McMahan retired last year as executive director of Sullivan County’s public library system and has long been involved in animal rescue work. She’s been doing work for the shelter ever since the county regained sole control of the facility on January 1 after years of it having been operated by a partnership with Kingsport and Bluff City.
McMahan was asked to step in and man the shelter after its manager quit on Tuesday. That $12-per-hour employee was the only holdover from the shelter’s days as a part of the now-dissolved “SBK” partnership with the cities.
The manager has been derided for months by a group of shelter volunteers, during public comment at the Sullivan County Commission’s meetings and perhaps more so via social media. On Monday that group complained the manager didn’t follow protocol by allowing a dog to be adopted out of the shelter before the shelter’s opening hours.
On Thursday, Accounts and Budgets Director Larry Bailey said the manager probably used poor judgement and made a mistake is the handling of the before-hours adoption on Monday. But Bailey said he would welcome her future involvement, at some level, in operation of the shelter if she ever decided to come back.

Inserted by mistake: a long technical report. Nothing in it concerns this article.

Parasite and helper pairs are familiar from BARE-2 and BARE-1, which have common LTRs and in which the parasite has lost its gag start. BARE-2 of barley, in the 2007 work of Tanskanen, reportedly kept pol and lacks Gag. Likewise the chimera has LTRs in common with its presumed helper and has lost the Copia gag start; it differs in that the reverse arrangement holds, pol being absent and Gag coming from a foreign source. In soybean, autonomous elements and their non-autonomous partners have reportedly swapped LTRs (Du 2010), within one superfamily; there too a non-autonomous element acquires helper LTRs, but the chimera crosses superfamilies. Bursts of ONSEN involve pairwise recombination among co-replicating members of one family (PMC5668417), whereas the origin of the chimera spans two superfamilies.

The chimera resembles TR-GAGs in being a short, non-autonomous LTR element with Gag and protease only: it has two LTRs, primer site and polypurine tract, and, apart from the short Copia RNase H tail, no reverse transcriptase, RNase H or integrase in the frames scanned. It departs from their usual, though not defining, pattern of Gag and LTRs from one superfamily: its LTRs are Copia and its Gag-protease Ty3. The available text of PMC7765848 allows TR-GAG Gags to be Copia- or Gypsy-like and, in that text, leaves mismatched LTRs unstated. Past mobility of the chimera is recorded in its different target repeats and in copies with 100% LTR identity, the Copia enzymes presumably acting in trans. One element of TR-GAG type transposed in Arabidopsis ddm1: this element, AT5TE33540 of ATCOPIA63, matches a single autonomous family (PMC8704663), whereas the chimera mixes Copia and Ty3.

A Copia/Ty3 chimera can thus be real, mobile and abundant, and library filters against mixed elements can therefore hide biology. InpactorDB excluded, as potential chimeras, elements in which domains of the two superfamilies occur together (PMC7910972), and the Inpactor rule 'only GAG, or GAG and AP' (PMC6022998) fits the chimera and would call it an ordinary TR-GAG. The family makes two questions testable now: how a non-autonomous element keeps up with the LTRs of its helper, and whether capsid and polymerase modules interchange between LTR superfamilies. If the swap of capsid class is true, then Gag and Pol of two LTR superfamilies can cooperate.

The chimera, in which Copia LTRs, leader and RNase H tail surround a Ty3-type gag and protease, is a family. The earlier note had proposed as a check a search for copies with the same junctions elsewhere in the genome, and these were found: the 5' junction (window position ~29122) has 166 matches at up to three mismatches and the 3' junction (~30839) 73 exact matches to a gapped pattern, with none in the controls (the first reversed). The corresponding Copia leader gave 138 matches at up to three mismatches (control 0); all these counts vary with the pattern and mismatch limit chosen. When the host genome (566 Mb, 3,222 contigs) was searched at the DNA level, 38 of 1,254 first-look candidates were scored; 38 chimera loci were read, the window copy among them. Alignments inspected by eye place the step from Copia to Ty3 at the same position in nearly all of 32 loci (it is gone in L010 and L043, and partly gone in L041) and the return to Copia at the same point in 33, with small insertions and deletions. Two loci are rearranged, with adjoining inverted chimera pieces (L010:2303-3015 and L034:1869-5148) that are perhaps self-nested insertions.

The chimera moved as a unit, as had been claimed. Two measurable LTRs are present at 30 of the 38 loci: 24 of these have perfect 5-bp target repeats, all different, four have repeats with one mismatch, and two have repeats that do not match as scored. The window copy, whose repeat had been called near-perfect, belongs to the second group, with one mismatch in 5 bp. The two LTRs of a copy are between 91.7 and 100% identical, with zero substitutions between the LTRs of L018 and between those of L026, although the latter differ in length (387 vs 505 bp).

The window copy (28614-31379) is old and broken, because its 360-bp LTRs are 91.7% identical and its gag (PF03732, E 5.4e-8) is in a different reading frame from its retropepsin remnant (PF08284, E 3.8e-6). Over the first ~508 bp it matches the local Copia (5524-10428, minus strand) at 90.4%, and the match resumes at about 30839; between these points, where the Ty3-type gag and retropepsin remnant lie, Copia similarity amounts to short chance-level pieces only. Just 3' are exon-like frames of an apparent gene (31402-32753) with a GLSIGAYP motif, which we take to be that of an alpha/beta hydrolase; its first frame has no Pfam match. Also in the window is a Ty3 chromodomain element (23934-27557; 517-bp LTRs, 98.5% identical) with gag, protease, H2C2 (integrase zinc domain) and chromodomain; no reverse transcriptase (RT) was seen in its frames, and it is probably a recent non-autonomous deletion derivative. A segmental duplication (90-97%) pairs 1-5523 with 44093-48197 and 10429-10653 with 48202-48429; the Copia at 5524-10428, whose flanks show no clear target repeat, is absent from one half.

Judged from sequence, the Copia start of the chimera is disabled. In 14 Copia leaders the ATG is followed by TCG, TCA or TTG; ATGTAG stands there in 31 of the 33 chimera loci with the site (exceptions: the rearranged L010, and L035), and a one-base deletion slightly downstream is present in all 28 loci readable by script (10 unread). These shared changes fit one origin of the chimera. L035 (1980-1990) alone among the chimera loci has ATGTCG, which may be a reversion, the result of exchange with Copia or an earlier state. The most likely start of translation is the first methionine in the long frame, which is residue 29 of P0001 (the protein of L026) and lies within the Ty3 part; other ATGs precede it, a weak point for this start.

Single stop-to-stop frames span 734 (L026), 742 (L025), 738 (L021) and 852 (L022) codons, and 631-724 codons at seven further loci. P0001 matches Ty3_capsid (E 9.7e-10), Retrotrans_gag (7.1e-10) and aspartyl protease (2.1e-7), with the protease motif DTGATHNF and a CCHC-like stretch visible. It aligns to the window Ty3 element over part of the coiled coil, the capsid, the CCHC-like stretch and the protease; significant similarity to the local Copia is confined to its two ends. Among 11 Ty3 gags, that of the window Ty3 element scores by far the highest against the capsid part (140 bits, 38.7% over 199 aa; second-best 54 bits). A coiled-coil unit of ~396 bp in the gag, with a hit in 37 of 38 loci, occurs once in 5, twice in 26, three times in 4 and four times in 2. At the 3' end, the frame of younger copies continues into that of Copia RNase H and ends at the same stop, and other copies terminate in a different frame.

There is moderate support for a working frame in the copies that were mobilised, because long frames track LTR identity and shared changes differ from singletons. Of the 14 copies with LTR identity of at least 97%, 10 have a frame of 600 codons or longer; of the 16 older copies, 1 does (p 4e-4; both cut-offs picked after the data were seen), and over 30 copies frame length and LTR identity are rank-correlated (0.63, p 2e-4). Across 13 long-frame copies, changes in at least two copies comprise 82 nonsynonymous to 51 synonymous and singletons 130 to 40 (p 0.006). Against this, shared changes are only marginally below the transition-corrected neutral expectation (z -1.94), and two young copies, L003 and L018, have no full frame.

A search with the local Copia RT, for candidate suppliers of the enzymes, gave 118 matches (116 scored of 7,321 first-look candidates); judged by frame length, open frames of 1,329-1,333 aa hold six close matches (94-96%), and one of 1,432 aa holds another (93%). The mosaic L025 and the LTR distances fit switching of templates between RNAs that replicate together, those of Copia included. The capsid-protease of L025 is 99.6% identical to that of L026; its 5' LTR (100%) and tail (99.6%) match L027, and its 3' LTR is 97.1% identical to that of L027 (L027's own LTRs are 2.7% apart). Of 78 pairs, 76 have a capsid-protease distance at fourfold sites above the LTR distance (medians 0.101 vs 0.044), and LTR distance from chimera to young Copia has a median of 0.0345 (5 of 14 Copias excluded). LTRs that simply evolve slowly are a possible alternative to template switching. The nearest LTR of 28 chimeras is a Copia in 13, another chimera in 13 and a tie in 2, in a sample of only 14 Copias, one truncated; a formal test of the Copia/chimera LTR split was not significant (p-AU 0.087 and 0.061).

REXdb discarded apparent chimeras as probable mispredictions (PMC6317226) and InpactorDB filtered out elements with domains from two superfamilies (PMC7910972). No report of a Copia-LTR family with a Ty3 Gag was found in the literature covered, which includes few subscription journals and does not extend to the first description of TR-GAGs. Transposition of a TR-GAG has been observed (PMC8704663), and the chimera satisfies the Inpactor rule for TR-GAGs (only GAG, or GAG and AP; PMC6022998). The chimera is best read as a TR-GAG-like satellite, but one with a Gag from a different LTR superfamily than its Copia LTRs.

As for finding a replacement, Bailey said the county might seek input from the University of Tennessee on how to conduct a successful search for a qualified manager for the facility. Bailey said he believes it will be best, under the circumstances, if a new manager can be found who has no prior connection to any of the factions currently involved. The county is not soliciting applicants for the job at this time, Bailey said.
Bailey said the county already has benefited from working with UT in regard to the shelter since taking back control of the facility on January 1. The county has been participating in a free spay and neuter program offered by UT, thanks to an inquiry originally initiated by the manager who quit Tuesday.
The breakdown in cooperation among the multiple parties involved in the shelter’s operation is clear in the existence of three different ways to look up what animals are available for adoption. The county’s official stance since January 1 has been it posts all the information and directs public inquiries to the county’s official website (www.sullivancountytn.gov). One or more employees and volunteers originally established a Facebook page to promote the shelter (Sullivan County, TN Animals) eight years ago (according to Facebook), but when infighting over control of that site left several volunteers “blocked” from it, a second Facebook page (Sullivan County Animal Shelter) was created by Sarah Foster, an attorney as well as a volunteer at the shelter. Foster, speaking to the county commission on various occasions, has touted her profession and offered to help the county harness the resources available from the volunteers. She created the Facebook page Sullivan County Animal Shelter about a month ago. It includes many posts that focus on animals available for adoption. But it also has been used as a constant sounding board for complaints about the shelter’s staff and county officials.